"FAQ for Adobe Products" Thu 31-Jan-13 01:28 PM by walkerr
Colorado Springs, US
Here are a few answers to questions that come up frequently in this forum:
1. Why won't a specific version of Photoshop, Lightroom or Elements open NEFs or NRWs from my new camera?
Answer: Either your version of those products is older and you'll need to upgrade to a newer version to open them or you can use the free Adobe DNG Converter tool to convert your raw files to the DNG format. You'll then be able to open those files in older versions of those programs. Details for version compatibility, as well as downloads for the DNG conversion tool are found at www.adobe.com. It's also possible that a new camera is supported yet by the Adobe products, but it typically isn't long before support is available. Adobe publishes early versions of new releases (called Release Candidates) at www.labs.adobe.com. These are typically very reliable and work well, but aren't necessarily the same as the final production version.
2. What are good books for learning Photoshop, Lightroom and Elements?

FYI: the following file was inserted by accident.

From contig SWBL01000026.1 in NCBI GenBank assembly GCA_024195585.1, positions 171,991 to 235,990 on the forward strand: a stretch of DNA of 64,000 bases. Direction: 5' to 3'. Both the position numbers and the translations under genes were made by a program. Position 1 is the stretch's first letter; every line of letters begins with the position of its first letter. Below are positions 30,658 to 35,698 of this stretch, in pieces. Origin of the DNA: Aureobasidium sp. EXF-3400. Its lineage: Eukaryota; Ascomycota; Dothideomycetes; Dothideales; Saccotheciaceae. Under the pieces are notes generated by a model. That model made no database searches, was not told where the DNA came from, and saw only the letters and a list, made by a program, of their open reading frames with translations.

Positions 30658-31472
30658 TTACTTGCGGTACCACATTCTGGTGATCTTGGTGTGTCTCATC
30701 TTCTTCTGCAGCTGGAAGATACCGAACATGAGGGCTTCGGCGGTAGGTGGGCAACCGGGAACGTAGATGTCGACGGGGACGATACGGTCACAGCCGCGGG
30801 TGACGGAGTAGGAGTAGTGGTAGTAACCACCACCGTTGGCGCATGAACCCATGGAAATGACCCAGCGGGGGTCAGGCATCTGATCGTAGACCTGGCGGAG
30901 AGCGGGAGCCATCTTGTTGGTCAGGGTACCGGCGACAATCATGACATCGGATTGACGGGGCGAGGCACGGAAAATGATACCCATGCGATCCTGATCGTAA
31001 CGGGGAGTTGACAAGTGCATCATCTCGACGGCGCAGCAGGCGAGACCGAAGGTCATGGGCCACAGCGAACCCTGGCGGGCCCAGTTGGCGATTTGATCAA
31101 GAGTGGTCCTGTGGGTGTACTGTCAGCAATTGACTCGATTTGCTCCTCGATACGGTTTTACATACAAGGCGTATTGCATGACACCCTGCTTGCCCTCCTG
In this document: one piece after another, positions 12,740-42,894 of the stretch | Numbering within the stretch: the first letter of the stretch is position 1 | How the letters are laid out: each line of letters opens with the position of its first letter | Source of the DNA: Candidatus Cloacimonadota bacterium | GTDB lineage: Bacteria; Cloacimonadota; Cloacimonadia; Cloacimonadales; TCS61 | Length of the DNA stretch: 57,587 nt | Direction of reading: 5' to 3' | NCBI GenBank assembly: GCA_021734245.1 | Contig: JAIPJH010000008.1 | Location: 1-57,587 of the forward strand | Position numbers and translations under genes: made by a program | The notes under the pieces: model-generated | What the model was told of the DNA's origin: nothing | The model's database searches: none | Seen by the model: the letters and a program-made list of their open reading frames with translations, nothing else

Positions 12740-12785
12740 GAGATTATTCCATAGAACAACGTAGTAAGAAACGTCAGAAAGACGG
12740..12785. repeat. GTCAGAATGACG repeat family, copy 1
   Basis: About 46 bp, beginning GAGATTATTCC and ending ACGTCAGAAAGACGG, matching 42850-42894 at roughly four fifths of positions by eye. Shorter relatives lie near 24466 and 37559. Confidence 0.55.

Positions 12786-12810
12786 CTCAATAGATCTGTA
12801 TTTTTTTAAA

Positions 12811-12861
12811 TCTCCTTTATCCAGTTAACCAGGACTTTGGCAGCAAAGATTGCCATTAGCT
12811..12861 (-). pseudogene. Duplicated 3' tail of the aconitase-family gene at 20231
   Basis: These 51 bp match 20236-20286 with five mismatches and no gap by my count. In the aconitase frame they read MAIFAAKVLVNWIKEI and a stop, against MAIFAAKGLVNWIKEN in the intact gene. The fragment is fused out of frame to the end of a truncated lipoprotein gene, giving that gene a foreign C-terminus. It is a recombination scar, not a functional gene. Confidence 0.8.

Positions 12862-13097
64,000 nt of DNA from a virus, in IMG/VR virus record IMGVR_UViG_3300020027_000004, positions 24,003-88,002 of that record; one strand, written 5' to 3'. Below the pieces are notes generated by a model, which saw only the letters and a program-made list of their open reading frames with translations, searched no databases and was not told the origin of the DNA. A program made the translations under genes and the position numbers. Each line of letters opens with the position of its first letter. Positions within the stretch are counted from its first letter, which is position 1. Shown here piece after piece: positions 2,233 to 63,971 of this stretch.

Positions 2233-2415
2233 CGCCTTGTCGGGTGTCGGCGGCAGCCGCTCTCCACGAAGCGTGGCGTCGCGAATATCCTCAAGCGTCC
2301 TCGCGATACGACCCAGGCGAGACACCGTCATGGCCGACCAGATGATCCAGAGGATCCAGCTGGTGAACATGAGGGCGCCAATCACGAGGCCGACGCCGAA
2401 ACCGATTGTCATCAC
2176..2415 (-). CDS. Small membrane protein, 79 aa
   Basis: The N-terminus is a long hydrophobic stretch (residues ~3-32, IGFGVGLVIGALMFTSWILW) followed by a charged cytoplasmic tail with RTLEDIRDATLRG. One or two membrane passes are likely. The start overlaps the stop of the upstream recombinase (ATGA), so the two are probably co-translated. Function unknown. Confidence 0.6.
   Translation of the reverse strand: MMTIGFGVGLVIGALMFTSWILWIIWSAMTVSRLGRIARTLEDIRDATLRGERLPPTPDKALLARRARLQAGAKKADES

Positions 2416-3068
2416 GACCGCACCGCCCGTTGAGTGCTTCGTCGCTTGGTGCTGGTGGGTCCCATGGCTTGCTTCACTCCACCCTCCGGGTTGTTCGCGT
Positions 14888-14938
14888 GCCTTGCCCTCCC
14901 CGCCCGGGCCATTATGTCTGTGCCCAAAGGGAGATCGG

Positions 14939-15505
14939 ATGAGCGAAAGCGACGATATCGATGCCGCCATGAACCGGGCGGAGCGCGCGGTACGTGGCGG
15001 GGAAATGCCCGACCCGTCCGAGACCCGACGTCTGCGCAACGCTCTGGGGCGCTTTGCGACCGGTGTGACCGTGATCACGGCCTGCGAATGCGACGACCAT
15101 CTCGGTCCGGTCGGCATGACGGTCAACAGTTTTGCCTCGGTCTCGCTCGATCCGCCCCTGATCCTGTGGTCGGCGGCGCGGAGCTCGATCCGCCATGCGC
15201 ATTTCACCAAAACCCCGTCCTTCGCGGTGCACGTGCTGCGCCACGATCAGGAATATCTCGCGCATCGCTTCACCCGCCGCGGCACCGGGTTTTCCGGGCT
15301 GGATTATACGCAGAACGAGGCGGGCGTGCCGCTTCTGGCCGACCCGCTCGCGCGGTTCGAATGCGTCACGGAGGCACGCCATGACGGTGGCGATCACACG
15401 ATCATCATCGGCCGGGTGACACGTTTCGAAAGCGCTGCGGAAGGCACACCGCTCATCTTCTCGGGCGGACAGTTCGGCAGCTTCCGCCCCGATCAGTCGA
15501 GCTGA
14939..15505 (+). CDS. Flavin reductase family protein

Answer: Scott Kelby has produced popular books on all three programs. Martin Evening has written books on both Photoshop and Lightroom that are recommended. There are many other authors as well, but these are the most popular choices.
3. How can I download lens correction profiles for Lightroom and ACR that were created by other photographers for lenses not found in formal Adobe deliveries?
Answer: Download the free Adobe Lens Profile Downloader tool at www.labs.adobe.com and download the profile you want. If there are multiple versions available for a specific lens, check the user ratings, as well as the calibration data (distances, focal lengths and apertures) to get a sense of how complete of profile it is. Generally speaking, the more, the better.
4. Which raw converter is the best?
Answer: There are many brands and products of raw converters on the market. All will do a good job when used correctly, especially when you understand when and how to deviate from the program's defaults. Only you can decide which one is best for you, ideally through research and by downloading trial packages. Resist the temptation to make a decision in a few days. It generally takes a bit longer than that to better understand how to use a tool.
5. What are good on-line videos for learning these products?